Definition of compromise in English:

compromise

noun

  • 1An agreement or settlement of a dispute that is reached by each side making concessions.

    ‘eventually they reached a compromise’
    mass noun ‘the secret of a happy marriage is compromise’
    • ‘Trade agreements always involve painful compromises, which are difficult for politicians to swallow in a climate of hostility.’
    • ‘Needless to say, the rift could deal a serious blow to the nation's economy unless both sides reach a compromise as early as possible.’
    • ‘Sometimes he could be tough on people, but after they softened, he negotiated reasonable compromises.’
    • ‘Permitting liability, but making it dependent on the employer's ability to control the behavior strikes a reasonable compromise.’
    • ‘He said that it appeared likelier that the two sides would reach a compromise on the unresolved matters.’
    • ‘The workable compromise between these extremes involves balancing competing goals.’
    • ‘Surely with a little flexibility on both sides, it should be possible to reach an acceptable compromise.’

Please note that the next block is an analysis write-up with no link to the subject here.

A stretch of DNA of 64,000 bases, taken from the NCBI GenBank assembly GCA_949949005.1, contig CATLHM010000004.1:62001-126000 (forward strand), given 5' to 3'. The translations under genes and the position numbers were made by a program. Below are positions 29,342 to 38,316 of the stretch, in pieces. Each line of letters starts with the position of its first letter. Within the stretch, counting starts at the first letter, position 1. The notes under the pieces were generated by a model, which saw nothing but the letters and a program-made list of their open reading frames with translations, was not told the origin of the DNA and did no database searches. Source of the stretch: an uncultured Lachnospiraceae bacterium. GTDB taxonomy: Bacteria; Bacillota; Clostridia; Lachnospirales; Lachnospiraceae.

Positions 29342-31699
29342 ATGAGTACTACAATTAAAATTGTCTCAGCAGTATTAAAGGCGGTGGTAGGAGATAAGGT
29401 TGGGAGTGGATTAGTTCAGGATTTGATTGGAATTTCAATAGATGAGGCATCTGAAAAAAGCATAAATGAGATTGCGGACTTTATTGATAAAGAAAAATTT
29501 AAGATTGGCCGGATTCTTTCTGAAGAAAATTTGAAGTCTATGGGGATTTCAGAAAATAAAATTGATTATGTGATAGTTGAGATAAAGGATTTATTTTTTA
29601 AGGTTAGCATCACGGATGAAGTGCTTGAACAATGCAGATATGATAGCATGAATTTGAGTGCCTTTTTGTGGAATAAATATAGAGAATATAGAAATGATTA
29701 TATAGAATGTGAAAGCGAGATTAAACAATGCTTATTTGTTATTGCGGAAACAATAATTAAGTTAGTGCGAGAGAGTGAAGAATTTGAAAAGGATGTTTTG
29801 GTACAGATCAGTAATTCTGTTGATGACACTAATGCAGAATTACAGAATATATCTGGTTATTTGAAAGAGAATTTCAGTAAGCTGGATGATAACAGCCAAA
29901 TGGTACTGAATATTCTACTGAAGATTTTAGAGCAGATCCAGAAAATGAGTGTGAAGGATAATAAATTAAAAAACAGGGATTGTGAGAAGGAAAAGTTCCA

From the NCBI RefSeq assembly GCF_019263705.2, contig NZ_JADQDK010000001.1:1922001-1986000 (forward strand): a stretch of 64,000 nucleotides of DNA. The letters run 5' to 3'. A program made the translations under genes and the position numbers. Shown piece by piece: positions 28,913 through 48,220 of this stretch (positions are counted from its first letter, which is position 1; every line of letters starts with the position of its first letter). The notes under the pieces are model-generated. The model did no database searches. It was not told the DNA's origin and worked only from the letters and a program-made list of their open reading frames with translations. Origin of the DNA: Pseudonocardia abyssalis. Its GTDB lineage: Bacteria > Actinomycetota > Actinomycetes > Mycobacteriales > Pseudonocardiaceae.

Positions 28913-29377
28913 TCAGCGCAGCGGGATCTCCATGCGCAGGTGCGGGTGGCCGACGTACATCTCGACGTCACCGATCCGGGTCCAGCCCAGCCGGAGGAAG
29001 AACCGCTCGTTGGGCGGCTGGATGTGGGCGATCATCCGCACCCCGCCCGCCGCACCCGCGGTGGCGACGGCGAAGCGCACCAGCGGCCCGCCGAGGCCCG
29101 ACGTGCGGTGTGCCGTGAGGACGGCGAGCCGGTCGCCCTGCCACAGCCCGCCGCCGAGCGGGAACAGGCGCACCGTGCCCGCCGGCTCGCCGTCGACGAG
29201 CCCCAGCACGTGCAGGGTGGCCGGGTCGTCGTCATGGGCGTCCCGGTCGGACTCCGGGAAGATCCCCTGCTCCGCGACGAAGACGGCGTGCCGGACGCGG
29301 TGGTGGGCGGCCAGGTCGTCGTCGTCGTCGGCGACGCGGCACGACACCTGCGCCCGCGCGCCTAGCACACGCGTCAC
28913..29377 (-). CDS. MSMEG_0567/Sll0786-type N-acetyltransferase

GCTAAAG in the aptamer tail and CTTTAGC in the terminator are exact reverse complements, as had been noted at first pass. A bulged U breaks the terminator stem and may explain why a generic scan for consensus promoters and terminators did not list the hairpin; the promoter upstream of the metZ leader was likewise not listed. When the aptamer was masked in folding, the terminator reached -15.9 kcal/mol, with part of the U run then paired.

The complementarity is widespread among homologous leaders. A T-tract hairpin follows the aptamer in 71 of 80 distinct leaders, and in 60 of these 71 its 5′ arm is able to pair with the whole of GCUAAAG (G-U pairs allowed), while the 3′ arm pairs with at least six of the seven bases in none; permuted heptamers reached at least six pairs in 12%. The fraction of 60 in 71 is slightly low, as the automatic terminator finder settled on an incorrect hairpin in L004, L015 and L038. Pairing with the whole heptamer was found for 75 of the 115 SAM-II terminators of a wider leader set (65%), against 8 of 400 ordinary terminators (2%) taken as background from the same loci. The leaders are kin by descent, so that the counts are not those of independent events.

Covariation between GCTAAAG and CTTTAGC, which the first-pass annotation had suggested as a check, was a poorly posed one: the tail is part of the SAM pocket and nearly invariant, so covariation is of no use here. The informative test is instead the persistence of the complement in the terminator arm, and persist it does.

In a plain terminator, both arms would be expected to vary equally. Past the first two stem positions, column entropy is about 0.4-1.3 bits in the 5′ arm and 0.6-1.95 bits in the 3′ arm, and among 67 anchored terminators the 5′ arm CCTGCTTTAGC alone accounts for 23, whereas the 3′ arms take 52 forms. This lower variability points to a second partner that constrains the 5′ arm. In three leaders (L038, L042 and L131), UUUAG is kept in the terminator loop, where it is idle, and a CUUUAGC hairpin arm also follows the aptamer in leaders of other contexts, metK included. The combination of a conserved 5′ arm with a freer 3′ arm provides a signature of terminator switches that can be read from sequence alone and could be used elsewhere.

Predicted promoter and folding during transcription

• ‘This is not a compromise or agreement, it is just being mealy-mouthed.’
    • ‘At the center of the dispute is a compromise reached Tuesday to put aside the party asset bill in exchange for opposition support for a makeshift finance measure.’
    • ‘So the struggle to find workable compromises gets harder.’
    • ‘In this way he believed it would be possible to reach good compromises even when each side was not getting its own way.’
    • ‘Can the police let off a person involved in a shooting incident, even if the two sides have reached a compromise and the victim claims that the gun went off accidentally?’
    • ‘It is anticipated that the two sides will reach a compromise and agree a four-year phase-out for Shannon.’
    • ‘The media industry relies on thousands of people to make the compromises necessary to maintain its course.’
    • ‘Leavers says the ban doesn't have to be permanent - as long as a reasonable compromise is reached.’
    • ‘Since in due course it took from February until July to reach an acceptable compromise, it is difficult to follow how the submission of a detailed scheme in November would have produced such a miraculous result.’
    • ‘Mrs Maguire said the two sides must reach a compromise.’
    • ‘The two sides struck a compromise on the issue of compensation.’
    • ‘The center-piece agreement was a compromise to allow competition in supplies of gas and electricity to businesses from 2004.’
    • ‘Political compromises have been agreed on all sides.’
    agreement, understanding, settlement, terms, accommodation